Ohio State Archaeological and Historical Society
Exterior view of the building formerly occupied by the Ohio Archeological and Historical Society, now the Ohio Historical Society, at 15th Avenue and High Street in Columbus, Ohio, 1931.
The Ohio State Archaeological and Historical Society was formed in 1885. It was a predecessor of the present Ohio Historical Society. The Ohio State Archaeological and Historical Society was not the first attempt to establish a state historical society in Ohio. The first attempt to create a historical society to document Ohio's history occurred on February 1, 1822, when the state legislature enacted an act creating the Historical Society of Ohio. This society only held one meeting and included such Ohio dignitaries as Jeremiah Morrow and Duncan McArthur. In 1831, the Ohio legislature directed Benjamin Tappan to establish the Historical and Philosophical Society of Ohio. This organization held meetings in Columbus, and its participants actively documented Ohio's past. Unfortunately by the late 1830s, interest in the society declined. A principal reason for this was the Panic of 1837 and the difficult economic times that accompanied it. Between 1841 and 1848, members convened meetings only twice.
In a meeting held in 1848, Salmon P. Chase suggested that the Historical and Philosophical Society of Ohio move from Columbus to Cincinnati. Cincinnati had a larger population, and hopefully its residents would be more willing to participate in the organization. The society merged its collections with that of the Cincinnati Historical Society. Together, the organizations prospered. By 1874, the Historical and Philosophical Society of Ohio had more than seventeen thousand books in its library and enjoyed an endowment of more than eight thousand dollars.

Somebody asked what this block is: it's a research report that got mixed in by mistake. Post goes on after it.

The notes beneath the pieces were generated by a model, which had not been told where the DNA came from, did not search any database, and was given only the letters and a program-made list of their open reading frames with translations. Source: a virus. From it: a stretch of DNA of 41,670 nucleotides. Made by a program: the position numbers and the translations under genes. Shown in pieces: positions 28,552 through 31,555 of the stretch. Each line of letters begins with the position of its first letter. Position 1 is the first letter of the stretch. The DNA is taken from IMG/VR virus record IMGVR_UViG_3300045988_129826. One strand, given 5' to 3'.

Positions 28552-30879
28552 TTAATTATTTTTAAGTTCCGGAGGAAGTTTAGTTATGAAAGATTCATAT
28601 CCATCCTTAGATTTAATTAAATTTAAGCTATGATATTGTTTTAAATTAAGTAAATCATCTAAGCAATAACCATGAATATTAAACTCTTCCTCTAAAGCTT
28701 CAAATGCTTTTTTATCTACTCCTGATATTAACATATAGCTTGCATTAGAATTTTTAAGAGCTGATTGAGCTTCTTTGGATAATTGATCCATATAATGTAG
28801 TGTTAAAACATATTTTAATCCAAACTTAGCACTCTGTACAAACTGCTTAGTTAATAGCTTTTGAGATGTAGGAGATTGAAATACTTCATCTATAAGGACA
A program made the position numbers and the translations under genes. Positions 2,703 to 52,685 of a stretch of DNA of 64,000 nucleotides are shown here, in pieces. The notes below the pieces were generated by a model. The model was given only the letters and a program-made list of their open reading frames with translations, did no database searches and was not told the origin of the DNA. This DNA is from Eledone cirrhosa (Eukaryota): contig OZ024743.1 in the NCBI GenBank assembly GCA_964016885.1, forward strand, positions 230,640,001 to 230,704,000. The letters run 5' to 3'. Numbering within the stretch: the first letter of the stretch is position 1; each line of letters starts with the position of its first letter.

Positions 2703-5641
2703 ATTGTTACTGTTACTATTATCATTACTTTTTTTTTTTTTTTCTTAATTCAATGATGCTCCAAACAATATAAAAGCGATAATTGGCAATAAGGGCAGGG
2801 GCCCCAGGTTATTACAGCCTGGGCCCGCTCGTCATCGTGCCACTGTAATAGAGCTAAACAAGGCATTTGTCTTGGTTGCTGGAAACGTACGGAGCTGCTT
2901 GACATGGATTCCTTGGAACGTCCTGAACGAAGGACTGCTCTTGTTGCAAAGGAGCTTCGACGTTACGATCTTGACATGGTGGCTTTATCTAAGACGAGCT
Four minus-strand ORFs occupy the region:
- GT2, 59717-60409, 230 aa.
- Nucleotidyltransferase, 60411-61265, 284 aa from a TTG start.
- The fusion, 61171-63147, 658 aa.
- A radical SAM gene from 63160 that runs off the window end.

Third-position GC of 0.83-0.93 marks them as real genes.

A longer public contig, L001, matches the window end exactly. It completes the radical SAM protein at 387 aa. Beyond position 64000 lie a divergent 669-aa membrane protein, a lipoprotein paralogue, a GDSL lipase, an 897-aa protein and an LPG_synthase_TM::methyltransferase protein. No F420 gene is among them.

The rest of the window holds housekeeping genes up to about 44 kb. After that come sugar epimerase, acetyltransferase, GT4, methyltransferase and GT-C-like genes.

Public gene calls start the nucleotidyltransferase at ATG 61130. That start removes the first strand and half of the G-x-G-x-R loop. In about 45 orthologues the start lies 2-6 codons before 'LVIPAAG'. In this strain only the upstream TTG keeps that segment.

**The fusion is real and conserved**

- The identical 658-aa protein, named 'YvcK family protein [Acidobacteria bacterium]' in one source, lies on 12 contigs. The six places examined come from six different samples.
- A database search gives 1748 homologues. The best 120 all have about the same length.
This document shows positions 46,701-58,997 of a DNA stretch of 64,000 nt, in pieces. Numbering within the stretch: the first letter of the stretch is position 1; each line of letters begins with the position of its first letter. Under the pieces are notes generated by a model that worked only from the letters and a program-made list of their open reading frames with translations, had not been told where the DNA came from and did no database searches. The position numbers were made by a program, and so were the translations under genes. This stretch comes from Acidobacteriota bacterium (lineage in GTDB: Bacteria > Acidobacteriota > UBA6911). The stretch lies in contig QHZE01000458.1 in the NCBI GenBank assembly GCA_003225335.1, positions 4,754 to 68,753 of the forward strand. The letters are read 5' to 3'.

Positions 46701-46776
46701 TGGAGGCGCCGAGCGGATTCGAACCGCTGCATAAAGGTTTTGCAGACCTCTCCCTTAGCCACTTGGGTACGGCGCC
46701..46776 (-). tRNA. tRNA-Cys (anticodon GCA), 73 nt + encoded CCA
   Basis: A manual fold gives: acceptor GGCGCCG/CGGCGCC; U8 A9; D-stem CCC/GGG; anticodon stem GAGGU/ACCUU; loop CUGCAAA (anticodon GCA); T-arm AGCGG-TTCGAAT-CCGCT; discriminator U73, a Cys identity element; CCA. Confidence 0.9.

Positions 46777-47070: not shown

In 1875, a new historical society, the Ohio Archaeological Society, came into existence. This organization continued until 1883, when its driving force, John T. Short, a professor of history at The Ohio State University, died. This organization did not remain dormant for long. In 1885, Governor George Hoadly encouraged its reestablishment, and Albert Adams Graham, a publisher located in Columbus, agreed to take charge. Graham called for the creation of a statewide organization, with its headquarters to be located in Columbus. Sixty men met in Columbus in March 1885 and formed the Ohio State Archaeological and Historical Society.
In 1954, the organization became the Ohio Historical Society. The Ohio Historical Society is a private, non-profit organization. Beginning in 1888, the Ohio state government began appropriating funds for its operation. In 1891, the governor of Ohio received the right to appoint six members of the board of trustees, then numbering fifteen people. This closer connection with the Ohio government proved beneficial to the Ohio Historical Society. For example, in 1891, the Ohio legislature granted oversight of Fort Ancient State Memorial to the Society. Originally the Ohio Historical Society housed its collections in the Ohio Statehouse. In 1894, the organization moved to Orton Hall at The Ohio State University. The Ohio Historical Society remained on The Ohio State University campus until 1970, when it moved to its present location near the Ohio State Fairgrounds. By 2014, the Ohio Historical Society collections included more than 1.5 million items related to all aspects of Ohio's past.
On May 24, 2014, the organization again changed its name, this time to the Ohio History Connection. The name change was motivated by changing perceptions of the word "society." Focus group research conducted in 2012 and 2013 demonstrated that Ohioans found that the Ohio Historical Society name carried connotations of an exclusive, unwelcoming, and antiquated group. The Ohio History Connection is designed to better describe the organization's role in connecting Ohioans to each other and to their history.
For additional information on the Ohio History Connection, please visit the organization's website at http://www.ohiohistory.org or call 1-800-686-6124.